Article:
Boris Ephrussi studied fruit flies, yeast, and mouse genetics and development while working in France and the US during the twentieth century. In yeast, Ephrussi studied how mutations in the cytoplasm persisted across generations. In mice he studied the genetics of hybrids and the development of cancer. Working with George Wells Beadle on the causes of different eye colors in fruit flies, Ephrussi's research helped establish the one-gene-one-enzyme hypothesis. Ephrussi helped create new embryological techniques and contributed the theories of genetics and development.

The one gene-one enzyme hypothesis, proposed by George Wells Beadle in the US in 1941, is the theory that each gene directly produces a single enzyme, which consequently affects an individual step in a metabolic pathway. In 1941, Beadle demonstrated that one gene in the bread mold Neurospora controlled a single, specific chemical reaction in Neurospora, which one enzyme controlled. In the 1950s, the theory that genes produce enzymes that control a single metabolic step was dubbed the one gene-one enzyme hypothesis by Norman Horowitz, a professor at the California Institute of Technology (Caltech) and an associate of Beadle's. This concept helped researchers characterize genes as chemical molecules, and it helped them identify the functions of those molecules.

George Wells Beadle and Edward Lawrie Tatum's 1941 article Genetic Control of Biochemical Reactions in Neurospora detailed their experiments on how genes regulated chemical reactions, and how the chemical reactions in turn affected development in the organism. Beadle and Tatum experimented on Neurospora, a type of bread mold, and they concluded that mutations to genes affected the enzymes of organisms, a result that biologists later generalized to proteins, not just enzymes. Beadle and Tatum's experiments provided an early link between genetics and the field of molecular biology.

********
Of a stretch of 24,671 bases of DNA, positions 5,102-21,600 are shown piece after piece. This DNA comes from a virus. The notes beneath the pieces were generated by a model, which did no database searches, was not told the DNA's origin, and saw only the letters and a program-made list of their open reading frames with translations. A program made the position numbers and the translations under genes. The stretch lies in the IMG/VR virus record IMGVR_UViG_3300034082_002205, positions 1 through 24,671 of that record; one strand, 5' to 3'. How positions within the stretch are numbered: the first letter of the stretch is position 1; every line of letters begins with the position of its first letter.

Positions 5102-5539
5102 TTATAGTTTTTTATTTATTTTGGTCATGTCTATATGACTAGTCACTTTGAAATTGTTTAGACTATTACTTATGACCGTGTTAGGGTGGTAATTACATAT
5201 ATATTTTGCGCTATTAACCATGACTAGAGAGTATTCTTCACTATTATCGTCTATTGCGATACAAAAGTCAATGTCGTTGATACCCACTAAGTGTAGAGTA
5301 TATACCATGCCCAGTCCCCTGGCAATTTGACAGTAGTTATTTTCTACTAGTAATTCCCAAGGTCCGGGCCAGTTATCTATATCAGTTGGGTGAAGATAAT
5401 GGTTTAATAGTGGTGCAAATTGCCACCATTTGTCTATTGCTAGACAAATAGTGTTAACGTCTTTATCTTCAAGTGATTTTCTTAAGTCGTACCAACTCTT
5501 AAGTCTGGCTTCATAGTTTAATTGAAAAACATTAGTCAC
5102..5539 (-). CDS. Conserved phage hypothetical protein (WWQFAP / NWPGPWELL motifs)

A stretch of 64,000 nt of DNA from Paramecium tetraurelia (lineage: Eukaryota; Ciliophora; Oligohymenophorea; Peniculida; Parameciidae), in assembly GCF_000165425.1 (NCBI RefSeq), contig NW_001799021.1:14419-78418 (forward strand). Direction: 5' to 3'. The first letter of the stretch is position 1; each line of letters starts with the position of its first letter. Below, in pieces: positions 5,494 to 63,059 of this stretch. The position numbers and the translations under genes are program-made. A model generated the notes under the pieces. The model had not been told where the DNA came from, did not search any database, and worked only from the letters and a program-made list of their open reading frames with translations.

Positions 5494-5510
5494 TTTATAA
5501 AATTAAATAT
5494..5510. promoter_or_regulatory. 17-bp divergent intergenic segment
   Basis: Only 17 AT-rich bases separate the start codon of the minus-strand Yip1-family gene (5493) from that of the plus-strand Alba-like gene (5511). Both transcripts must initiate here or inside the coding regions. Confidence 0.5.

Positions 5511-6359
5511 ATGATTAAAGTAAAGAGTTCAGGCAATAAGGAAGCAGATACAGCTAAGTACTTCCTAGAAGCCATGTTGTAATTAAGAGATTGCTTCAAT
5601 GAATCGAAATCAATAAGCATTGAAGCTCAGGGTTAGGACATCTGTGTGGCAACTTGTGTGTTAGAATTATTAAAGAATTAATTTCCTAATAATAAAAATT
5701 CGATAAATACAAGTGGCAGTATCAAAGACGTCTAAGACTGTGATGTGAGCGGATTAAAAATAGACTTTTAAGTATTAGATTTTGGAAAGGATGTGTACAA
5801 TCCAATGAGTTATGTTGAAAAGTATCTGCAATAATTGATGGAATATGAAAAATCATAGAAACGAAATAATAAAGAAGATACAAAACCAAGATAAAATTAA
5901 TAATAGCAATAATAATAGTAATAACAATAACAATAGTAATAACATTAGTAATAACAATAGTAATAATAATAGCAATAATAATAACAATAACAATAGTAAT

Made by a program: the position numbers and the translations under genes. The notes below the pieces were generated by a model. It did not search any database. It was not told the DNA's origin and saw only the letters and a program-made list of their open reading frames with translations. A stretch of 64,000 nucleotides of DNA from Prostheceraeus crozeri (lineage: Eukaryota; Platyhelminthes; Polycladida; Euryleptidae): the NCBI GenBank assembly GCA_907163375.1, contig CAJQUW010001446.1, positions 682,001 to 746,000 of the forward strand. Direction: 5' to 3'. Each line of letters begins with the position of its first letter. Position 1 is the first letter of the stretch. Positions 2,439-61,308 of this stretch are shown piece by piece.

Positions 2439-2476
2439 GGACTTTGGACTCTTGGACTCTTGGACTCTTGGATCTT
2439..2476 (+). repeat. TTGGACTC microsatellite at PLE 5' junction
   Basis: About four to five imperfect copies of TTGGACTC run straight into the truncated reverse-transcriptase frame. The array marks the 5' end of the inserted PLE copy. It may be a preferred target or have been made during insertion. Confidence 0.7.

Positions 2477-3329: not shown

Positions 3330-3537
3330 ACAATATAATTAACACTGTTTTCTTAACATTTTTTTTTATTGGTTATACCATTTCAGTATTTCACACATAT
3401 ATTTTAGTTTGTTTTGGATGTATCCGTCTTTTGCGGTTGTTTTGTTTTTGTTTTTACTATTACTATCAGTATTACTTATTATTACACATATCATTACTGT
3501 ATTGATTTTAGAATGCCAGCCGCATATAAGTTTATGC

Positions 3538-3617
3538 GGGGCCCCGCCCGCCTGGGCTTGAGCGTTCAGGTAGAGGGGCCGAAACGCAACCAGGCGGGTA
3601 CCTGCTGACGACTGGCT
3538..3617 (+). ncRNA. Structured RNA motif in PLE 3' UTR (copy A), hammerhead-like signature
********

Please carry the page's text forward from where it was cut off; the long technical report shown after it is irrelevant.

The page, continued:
George Wells Beadle studied corn, fruit flies, and funguses in the US during the twentieth century. These studies helped Beadle earn the 1958 Nobel Prize in Physiology or Medicine. Beadle shared the prize with Edward Tatum for their discovery that genes help regulate chemical processes in and between cells. This finding, initially termed the one gene-one enzyme hypothesis, helped scientists develop new techniques to study genes and DNA as molecules, not just as units of heredity between generations of organisms. By inducing mutations in organisms while they were in different embryonic stages, Beadle's work on Drosophila and Neurospora led to the analysis of the cell cycle and embryonic development processes.

St. George Jackson Mivart studied animals and worked in England during the nineteenth century. He also proposed a theory of organismal development that he called individuation, and he critiqued Charles Darwin's argument for evolution by natural selection. His work on prosimians, a group of primates excluding apes and monkeys, helped scientists better investigate the Primate group. In his work On the Genesis of Species, Mivart argued that Darwin's theory couldn't explain how specific organismal forms developed and varied, explanations Mivart argued were necessary before Darwin could invoke the mechanism of natural selection to explain the evolution of species. To provide those explanations Mivart proposed theories of individuation and of instinct.

Boris Ephrussi and George Wells Beadle developed a transplantation technique on flies, Drosophila melanogaster, which they described in their 1936 article A Technique of Transplantation for Drosophila. The technique of injecting a tissue from one fly larva into another fly larva, using a micropipette, to grow that tissue in the second larvae, was a means for investigating development of Drosophila. Through this technique, Beadle and Ephrussi studied the role of genes in embryological processes. Beadle and Ephrussi were the first to apply the transplantation method, which had previously been used in the study of larger insects, to the smaller sized Drosophila. Beadle and Ephrussi used this method of transplantation to determine if parts of the optic disc, the section of a larvae that later become the eye buds in the adult, could be extracted from one larva and transplanted into another. They later built upon this research to relate the production of molecules in cells to gene function.

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